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  21. Bernard Boxill (1997). Populism and Elitism in African-American Political Thought. Journal of Ethics 1 (3):209-238.score: 117.0
    African-American political thought finds its premises in European philosophical traditions. But these traditions often challenge African-American humanity which African-American political thought defends. African-American political thought is therefore an extended commentary on the consistency of European philosophical traditions.
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  22. Hayley Macgregor (2006). 'The Grant is What I Eat': The Politics of Social Security and Disability in the Post-Apartheid South African State. Journal of Biosocial Science 38 (1):43-55.score: 117.0
    In South Africa, disability grant allocation has been under review and tensions are evident in government rhetoric stressing welfare provision on the one hand, and encouraging on the other. This ambiguity is traced down to the level of grant negotiations between doctors and in a psychiatry clinic in Khayelitsha. Here embodies the distress associated with harsh circumstances and is deemed by supplicants as sufficient to secure a grant. The paper illustrates how national discourses influence the presentation and experience of (...)
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  23. Gill Steel (2010). Images of Government, Business, and Citizen Identity in the United States. Japanese Journal of Political Science 11 (1):99-123.score: 111.0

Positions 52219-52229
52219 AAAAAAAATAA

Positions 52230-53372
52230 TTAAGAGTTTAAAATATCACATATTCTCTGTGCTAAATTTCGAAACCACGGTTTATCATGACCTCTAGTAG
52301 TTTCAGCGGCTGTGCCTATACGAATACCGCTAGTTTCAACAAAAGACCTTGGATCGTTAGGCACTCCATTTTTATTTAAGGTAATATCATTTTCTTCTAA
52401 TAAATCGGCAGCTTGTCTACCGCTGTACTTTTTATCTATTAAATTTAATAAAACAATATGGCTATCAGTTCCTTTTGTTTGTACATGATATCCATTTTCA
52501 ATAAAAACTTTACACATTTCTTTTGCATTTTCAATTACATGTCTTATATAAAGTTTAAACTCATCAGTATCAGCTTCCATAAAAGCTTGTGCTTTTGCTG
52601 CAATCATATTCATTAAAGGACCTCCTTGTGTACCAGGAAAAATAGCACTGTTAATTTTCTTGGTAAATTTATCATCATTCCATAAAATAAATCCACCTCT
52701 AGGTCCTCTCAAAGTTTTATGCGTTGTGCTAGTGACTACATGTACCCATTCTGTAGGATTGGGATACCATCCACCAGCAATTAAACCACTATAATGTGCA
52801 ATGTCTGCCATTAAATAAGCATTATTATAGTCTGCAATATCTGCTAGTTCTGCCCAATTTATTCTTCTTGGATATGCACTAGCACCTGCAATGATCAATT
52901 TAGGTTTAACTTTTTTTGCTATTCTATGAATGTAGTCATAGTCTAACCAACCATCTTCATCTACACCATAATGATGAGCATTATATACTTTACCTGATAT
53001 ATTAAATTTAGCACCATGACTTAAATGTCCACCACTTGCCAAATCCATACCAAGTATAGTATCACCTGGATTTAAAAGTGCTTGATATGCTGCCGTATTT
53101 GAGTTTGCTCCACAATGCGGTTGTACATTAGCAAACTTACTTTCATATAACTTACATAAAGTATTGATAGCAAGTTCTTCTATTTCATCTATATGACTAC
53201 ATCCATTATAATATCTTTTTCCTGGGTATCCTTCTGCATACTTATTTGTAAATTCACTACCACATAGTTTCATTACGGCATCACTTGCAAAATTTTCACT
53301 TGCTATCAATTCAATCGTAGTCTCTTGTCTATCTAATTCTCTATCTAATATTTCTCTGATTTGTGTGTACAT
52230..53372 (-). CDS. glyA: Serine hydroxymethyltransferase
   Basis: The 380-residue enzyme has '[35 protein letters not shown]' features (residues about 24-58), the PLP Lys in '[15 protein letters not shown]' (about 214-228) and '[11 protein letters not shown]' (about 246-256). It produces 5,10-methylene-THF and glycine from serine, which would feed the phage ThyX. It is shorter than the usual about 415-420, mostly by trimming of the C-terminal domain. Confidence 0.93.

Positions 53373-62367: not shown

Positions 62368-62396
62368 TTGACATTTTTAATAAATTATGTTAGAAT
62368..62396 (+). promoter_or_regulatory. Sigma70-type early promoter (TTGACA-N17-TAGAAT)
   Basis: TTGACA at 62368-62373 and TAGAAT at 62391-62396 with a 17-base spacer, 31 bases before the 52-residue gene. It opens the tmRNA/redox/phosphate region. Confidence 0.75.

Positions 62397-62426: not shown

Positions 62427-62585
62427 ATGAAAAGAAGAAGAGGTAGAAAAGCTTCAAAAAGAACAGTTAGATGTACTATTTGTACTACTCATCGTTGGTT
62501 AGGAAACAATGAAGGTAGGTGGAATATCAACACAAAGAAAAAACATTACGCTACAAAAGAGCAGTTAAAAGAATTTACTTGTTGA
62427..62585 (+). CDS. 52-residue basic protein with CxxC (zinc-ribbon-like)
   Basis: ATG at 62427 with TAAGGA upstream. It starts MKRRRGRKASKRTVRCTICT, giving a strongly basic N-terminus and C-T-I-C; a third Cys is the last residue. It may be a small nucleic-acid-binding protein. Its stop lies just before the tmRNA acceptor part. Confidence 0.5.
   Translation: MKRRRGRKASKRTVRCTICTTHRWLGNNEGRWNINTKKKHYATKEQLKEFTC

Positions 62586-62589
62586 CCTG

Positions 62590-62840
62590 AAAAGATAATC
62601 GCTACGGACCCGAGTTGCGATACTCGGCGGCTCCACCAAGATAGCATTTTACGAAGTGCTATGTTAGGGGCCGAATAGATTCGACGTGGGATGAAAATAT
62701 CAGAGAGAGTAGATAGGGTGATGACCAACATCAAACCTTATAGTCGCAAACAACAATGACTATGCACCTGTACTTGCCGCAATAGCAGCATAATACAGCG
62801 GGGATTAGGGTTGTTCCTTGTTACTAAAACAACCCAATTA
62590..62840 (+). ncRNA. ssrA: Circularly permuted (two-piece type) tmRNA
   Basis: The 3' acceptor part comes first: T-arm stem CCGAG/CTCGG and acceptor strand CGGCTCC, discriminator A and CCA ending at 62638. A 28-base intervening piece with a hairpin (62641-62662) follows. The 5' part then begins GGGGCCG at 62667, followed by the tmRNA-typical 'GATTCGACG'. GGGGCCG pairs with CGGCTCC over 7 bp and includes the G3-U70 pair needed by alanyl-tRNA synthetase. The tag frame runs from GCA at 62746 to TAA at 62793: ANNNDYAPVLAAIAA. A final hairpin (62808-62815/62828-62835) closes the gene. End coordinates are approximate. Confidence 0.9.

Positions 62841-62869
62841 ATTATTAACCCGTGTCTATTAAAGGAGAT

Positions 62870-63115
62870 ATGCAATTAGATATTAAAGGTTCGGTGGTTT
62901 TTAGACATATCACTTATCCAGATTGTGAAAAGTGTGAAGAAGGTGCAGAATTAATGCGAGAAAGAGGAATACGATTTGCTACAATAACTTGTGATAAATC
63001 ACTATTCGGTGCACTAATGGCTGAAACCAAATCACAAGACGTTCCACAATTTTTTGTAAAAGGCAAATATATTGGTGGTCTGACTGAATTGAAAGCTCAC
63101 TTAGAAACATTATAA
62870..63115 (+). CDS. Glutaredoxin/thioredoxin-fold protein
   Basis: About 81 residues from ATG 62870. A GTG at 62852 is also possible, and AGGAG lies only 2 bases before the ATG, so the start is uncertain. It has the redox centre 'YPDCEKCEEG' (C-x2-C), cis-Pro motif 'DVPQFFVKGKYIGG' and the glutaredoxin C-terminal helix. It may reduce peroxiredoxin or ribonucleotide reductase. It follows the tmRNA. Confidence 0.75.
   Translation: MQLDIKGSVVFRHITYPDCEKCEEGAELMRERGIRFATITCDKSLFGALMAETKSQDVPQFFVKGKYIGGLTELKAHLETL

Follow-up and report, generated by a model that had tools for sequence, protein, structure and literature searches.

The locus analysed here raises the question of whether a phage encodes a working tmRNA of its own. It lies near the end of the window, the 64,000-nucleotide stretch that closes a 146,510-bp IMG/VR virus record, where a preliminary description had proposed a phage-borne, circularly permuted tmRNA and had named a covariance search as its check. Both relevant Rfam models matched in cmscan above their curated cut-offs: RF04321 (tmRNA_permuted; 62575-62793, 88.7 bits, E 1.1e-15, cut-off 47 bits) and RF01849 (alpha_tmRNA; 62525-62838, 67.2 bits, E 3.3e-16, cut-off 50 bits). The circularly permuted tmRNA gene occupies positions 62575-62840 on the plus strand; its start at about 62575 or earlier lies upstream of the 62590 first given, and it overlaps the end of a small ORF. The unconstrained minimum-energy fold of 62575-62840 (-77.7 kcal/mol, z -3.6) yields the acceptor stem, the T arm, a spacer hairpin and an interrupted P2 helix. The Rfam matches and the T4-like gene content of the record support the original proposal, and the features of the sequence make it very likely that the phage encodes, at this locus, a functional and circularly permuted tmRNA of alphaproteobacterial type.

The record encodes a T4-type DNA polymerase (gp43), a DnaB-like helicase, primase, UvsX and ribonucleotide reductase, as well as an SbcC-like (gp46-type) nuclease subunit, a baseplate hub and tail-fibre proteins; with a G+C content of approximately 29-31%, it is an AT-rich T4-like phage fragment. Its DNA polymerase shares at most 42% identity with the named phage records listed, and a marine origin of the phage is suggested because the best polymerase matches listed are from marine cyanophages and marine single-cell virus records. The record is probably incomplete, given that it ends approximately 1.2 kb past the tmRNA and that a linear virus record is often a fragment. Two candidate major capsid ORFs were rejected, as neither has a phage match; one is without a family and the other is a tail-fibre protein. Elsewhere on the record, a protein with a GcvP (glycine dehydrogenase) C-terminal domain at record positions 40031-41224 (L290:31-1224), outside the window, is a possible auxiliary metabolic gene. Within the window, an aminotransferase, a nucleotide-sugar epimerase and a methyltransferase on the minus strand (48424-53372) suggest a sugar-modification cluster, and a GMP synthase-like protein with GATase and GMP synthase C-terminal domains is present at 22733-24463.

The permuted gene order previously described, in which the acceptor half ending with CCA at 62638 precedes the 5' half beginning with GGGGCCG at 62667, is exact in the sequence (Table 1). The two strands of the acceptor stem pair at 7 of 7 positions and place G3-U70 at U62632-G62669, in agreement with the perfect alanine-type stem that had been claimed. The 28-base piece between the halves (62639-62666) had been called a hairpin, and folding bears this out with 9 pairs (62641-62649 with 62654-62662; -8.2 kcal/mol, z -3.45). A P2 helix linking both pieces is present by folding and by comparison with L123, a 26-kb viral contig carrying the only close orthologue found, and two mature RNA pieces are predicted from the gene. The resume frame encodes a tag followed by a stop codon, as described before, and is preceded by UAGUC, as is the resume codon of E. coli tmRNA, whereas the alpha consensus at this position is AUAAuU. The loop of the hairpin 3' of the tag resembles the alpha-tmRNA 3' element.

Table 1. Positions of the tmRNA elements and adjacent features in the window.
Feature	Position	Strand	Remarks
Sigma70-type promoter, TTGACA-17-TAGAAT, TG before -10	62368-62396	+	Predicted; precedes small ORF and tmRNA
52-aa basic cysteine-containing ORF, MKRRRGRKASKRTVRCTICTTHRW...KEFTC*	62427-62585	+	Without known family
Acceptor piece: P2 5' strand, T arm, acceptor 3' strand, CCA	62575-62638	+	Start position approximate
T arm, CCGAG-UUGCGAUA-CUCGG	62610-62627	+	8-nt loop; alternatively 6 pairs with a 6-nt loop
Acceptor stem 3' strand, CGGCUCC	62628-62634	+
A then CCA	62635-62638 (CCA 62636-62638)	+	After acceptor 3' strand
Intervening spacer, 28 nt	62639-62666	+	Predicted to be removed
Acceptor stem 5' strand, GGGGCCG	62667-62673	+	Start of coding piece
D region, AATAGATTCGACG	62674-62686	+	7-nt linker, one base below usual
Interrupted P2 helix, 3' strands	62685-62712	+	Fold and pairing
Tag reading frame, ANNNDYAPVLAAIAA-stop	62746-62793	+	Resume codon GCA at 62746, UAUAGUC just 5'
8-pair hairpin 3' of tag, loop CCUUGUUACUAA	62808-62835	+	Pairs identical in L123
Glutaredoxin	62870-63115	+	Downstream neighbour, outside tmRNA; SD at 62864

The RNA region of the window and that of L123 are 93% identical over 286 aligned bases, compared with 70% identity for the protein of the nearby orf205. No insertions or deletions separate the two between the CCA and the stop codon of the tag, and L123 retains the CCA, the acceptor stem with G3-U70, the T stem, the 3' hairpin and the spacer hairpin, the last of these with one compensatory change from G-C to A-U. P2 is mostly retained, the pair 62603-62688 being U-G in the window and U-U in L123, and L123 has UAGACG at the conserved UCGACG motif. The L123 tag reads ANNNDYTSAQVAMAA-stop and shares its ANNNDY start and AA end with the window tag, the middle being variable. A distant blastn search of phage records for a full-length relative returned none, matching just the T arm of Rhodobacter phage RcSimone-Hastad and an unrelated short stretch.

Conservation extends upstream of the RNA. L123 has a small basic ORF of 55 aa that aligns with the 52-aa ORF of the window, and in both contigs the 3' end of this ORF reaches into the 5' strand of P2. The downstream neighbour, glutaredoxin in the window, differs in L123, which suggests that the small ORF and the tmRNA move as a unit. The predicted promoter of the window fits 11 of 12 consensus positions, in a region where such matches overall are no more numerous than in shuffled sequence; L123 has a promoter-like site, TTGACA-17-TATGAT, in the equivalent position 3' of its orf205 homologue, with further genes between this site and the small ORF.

This paper presents a country profile of the United States using data from the AsiaBarometer (2008) survey. I first examine how citizens see themselves, their government and big business. My findings show that Americans remain ambivalent toward politics, their government, and big business. Citizens overwhelmingly support democracy as a political system and are satisfied with a broad range of specific democratic rights, but, at the same time, they complain about the workings of their democratic system, policy (...)
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  24. Tommy Lee Lott & John P. Pittman (eds.) (2003/2006). A Companion to African-American Philosophy. Blackwell Pub..score: 108.0
    This wide-ranging, multidisciplinary collection of newly commissioned articles brings together distinguished voices in the field of Africana philosophy and African-American social and political thought. Provides a comprehensive critical survey of African-American philosophical thought. Collects wide-ranging, multidisciplinary, newly commissioned articles in one authoritative volume. Serves as a benchmark work of reference for courses in philosophy, social and political thought, cultural studies, and African-American studies.
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  25. Jane Carruthers (2008). Conservation and Wildlife Management in South African National Parks 1930s-1960s. Journal of the History of Biology 41 (2):203 - 236.score: 108.0